Dragan Penezić, President of the Anti-Illicit Trade Committee of the FIC

Improve The Inspection Oversight System

A key problem in combatting the grey economy is the treatment of misconduct and criminal charges in the area of illicit trade by the prosecution and the courts, i.e. ineffective processing and excessively mild punishment policies

Dragan Penezić, President of the Anti-Illicit Trade Committee of the FIC

The grey economy impacts negatively on the entire society, the economy and the state budget, thus creating unequal business conditions on the market and aggravating the overall investment environment.

It is impossible to eradicate the grey economy and illicit trade through the use of ad hoc measures, rather the resolving of these problems must be approached systematically. This implies a strategy that includes the coordinated work of state services, as well as cooperation with responsible businesses that have resources, knowledge and experience from other markets.

The fact that the Serbian government proclaimed 2017 and 2018 as years dedicated to fighting the grey economy is a positive factor that emphasises the prioritised character of this domain for Serbia.

On the whole, the consistent implementation of the National Programme for the Suppression of the Grey Economy and the Action Plan for its implementation have in the previous period represented a serious shift towards the systematic suppression of illicit trade.

Higher volumes of illicit trade have been included in the category of criminal acts, as referred to in the Law on Organisation and Jurisdiction of State Authorities in Combatting Organised Crime, Terrorism and Corruption, which will also enable the appropriate specialisation of the competent authorities and in the area of illicit trade.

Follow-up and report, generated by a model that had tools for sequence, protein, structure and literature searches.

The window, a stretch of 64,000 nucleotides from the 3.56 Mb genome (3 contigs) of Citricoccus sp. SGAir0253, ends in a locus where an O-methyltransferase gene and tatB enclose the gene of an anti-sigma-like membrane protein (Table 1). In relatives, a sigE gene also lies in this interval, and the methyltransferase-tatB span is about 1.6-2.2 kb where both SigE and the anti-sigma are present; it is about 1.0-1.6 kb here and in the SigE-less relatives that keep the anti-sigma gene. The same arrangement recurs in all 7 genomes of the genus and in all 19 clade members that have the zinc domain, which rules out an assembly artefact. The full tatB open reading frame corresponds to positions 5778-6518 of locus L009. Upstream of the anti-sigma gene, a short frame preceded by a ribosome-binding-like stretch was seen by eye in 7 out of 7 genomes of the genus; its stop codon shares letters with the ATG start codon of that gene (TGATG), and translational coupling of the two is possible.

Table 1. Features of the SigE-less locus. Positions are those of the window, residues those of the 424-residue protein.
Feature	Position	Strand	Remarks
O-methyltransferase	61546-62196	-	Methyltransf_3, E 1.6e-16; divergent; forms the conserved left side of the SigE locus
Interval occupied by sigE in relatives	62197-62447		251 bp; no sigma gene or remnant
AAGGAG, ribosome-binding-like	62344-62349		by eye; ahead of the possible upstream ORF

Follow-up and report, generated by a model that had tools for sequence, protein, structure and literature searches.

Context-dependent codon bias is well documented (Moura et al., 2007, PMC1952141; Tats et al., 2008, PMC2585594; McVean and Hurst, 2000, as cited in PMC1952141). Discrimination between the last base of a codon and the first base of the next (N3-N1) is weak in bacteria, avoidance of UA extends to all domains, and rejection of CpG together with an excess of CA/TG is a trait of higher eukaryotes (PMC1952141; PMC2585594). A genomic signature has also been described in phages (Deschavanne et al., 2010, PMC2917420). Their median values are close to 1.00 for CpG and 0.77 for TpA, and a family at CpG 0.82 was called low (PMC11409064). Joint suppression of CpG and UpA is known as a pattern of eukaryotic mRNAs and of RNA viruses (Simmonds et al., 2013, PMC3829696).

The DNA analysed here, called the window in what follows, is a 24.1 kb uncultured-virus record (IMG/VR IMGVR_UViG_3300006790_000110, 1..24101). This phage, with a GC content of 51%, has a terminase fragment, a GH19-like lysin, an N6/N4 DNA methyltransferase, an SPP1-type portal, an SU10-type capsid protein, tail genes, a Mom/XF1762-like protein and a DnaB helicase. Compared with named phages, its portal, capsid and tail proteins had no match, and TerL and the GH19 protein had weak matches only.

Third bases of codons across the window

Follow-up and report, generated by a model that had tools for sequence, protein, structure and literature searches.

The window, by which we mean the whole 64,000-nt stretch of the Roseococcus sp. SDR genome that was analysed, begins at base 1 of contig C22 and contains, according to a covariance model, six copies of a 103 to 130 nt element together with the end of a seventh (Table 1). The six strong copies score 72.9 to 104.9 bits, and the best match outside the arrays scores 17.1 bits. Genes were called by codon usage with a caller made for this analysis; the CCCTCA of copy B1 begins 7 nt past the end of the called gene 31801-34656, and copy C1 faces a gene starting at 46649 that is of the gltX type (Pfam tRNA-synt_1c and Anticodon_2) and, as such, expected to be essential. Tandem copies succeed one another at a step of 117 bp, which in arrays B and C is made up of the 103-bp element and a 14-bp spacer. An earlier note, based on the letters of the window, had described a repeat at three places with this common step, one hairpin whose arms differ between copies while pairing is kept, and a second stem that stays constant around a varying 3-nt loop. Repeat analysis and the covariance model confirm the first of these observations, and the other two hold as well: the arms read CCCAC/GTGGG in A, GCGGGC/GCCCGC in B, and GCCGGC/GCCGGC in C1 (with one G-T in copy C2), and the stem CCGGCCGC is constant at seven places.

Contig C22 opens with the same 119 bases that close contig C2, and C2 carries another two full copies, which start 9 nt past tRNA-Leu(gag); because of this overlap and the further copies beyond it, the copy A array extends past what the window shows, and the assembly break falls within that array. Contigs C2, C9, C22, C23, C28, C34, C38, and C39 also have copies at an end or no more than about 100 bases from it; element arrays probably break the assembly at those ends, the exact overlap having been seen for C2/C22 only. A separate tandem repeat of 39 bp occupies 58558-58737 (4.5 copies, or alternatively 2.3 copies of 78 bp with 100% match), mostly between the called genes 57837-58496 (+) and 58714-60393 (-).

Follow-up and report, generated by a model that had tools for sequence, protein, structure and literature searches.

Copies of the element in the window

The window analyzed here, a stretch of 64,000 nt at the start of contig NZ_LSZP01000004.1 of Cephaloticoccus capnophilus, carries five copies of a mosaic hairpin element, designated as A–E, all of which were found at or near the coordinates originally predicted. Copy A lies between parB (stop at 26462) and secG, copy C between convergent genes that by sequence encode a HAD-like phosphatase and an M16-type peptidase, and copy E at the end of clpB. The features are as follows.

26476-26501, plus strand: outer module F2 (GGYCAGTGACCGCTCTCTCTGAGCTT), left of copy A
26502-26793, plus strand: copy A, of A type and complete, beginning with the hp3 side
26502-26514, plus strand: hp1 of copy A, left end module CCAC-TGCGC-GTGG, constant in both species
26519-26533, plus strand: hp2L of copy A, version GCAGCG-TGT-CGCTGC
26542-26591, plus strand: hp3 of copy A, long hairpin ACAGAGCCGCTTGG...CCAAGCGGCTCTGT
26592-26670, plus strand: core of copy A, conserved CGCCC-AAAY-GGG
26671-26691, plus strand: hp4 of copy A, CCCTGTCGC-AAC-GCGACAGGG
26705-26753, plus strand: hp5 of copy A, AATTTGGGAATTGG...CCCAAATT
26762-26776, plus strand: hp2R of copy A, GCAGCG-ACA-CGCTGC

We will be fully committed in the period ahead to the consistent application of the National Programme for Combatting the Grey Economy

A key problem in combatting the grey economy is the treatment of misconduct and criminal charges in the area of illicit trade by the prosecution and the courts, i.e. ineffective processing and excessively mild punishment policies discourage the competent authorities responsible for suppressing illicit trade on the ground, and additionally stimulates offenders due to the absence of a higher level of risk for dealing with this type of illegal activity.

The Law on Inspection Oversight is still not fully implemented, as there is still no harmonisation of sector-specific laws with an umbrella law, despite the envisaged deadlines have long since expired. This prevents the full utilisation of the potential of the law to suppress the grey economy.

Due to all of the aforementioned, in the period ahead it is essential that there be a comprehensive improvement of the inspection oversight system, as well as a number of operational measures – from harmonising the number of inspectors with the identified needs and ensuring their professional development, the coordination of the work of inspections and other state bodies with courts, with the provision of lacking equipment and funds for the work of inspections, improvement of the coordination of the work of the Customs Administration, inspection bodies etc. Moreover, it is also essential to fully implement integrated border crossing controls among all competent authorities, with the goal of preventing illegal imports of goods into the territory of Serbia and their further distribution through grey channels.

In the period ahead, the Anti-Illicit Trade Committee of the Foreign Investors Council will remain fully committed to consistent implementation of the National Programme for Combatting the Grey Economy, by supporting effective cooperation between representatives of the economy and the state authorities responsible for anti-illicit trade activities, as well as by continuously raising awareness about the importance of the role of all stakeholders in the process of eradicating the grey economy at the national and regional levels.ž
Dragan Penezic